A better sample is here:
It uses work queues with event-triggered work items, rather than Sleep or
You can look at the “flags” output parameter to IAudioCaptureClient::GetBuffer
to see if there was a glitch; if so, the “data discontinuity” flag will be set.
From: wdmaudiodev-bounce@xxxxxxxxxxxxx <wdmaudiodev-bounce@xxxxxxxxxxxxx> on
behalf of Johannes Freyberger <jfreyberger@xxxxxxxxxxxxxxxxxxxx>
Sent: Wednesday, September 12, 2018 5:41:04 AM
Subject: [wdmaudiodev] AW: bit transparency when recording from WASAPI vs.
WDM-KS (both exclusive mode)
OK, now I changed the WASAPI loop in my recording app according to the example
and now I cannot watch these breaks in the ramp anymore. That’s fine and so
it’s probably been no driver issue.
The difference to the previous implementation in the recording app is mainly
the timeout for Sleep() or WaitForSingleObject() which was set to 0 in the
original sources and the use of IAudioClient::GetCurrentPadding() which is now
done by IAudioCaptureClient::GetNextPacketSize(). But as there were no errors
returned by IAudioClient calls in the original version and everything seemed to
work fine, if I hadn’t checked the audio data itself, I’m not sure if
everything works as expected inside WASAPI?
Von: Johannes Freyberger <jfreyberger@xxxxxxxxxxxxxxxxxxxx>
Gesendet: Dienstag, 11. September 2018 17:41
An: 'wdmaudiodev@xxxxxxxxxxxxx' <wdmaudiodev@xxxxxxxxxxxxx>
Betreff: bit transparency when recording from WASAPI vs. WDM-KS (both exclusive
currently I’m doing some further tests with my pure virtual audio driver. The
samples transferred to the recording application are generated inside my driver
and it’s a simple ramp meaning the 16 bit samples are always increased by +1.
My recording app is based on latest portaudio library and it checks whether
each sample delivered from the driver is the previous one + 1. This works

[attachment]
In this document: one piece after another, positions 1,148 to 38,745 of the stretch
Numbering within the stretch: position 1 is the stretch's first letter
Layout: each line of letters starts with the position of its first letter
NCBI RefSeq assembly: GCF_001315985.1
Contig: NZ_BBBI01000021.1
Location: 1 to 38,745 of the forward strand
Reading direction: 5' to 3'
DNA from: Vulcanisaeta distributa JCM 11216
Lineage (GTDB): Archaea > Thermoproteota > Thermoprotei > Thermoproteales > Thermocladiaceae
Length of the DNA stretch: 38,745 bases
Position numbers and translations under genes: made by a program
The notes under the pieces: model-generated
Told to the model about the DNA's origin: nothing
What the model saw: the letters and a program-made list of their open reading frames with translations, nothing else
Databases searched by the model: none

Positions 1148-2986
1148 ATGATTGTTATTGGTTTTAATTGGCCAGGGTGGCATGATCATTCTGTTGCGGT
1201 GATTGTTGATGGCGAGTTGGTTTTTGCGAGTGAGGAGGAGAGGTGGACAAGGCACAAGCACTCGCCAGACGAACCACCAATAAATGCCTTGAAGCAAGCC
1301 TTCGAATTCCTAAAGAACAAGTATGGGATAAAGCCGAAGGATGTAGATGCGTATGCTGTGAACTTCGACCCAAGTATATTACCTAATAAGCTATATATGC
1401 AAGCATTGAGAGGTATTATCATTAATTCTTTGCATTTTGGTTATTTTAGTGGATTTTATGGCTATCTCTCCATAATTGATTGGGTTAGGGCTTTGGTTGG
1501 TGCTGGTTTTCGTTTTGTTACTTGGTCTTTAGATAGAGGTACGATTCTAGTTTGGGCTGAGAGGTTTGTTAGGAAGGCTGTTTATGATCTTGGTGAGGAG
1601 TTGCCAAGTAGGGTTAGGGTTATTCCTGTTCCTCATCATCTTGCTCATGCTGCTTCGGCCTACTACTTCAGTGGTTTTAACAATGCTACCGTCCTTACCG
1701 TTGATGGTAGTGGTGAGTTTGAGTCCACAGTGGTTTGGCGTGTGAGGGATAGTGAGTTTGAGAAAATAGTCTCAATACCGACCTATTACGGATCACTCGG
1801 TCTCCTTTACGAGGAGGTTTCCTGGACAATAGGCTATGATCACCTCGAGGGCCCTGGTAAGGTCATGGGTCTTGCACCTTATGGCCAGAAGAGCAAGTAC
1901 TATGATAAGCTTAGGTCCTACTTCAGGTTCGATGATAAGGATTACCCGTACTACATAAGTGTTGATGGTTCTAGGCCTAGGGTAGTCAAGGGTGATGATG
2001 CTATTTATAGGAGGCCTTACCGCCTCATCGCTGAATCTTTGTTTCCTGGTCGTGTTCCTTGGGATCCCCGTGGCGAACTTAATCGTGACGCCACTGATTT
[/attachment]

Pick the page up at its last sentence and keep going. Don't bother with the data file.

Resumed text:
perfect all the time when I’m using WDM Kernel-Streaming as API in my recording
When I use WASAPI exclusive mode for recording it works correct for about 47
minutes. Then the expected value is not received but the expected value minus
1152. I will receive samples growing by one for a while (like 30 or 150
samples), then there’s again a break and the value jumps back to the value
corresponding to the row before the first break (so it jumps forth 1152 plus
the number of samples since the first break). So it seems like there’s bunch of
samples delivered from a wrong and older buffer. The number of wrong samples
seems to vary between about 30 and 200. But the difference to the expected
sample seems to be always 1152. I’m checking the content of the buffer right
after my call to IAudioCaptureClient::GetBuffer() (I’m checking result is S_OK
and flags is 0). The start of the wrong bunch of samples seems to be always
somewhere in the middle of a buffer returned by
IAudioCaptureClient::GetBuffer() while the return to the expected value always
starts at the beginning of the next IAudioCaptureClient::GetBuffer(). So to me
it looks there’s still some old data at the end of the buffer returned by
IAudioCaptureClient::GetBuffer()? The number of samples I’m requesting in
GetBuffer() is the number returned by IAudioClient::GetCurrentPadding() with
result = S_OK directly before the GetBuffer() call.
Is this something which could be a problem inside my driver although it works
correct when using WDM Kernel-Streaming?
Thanks and best regards,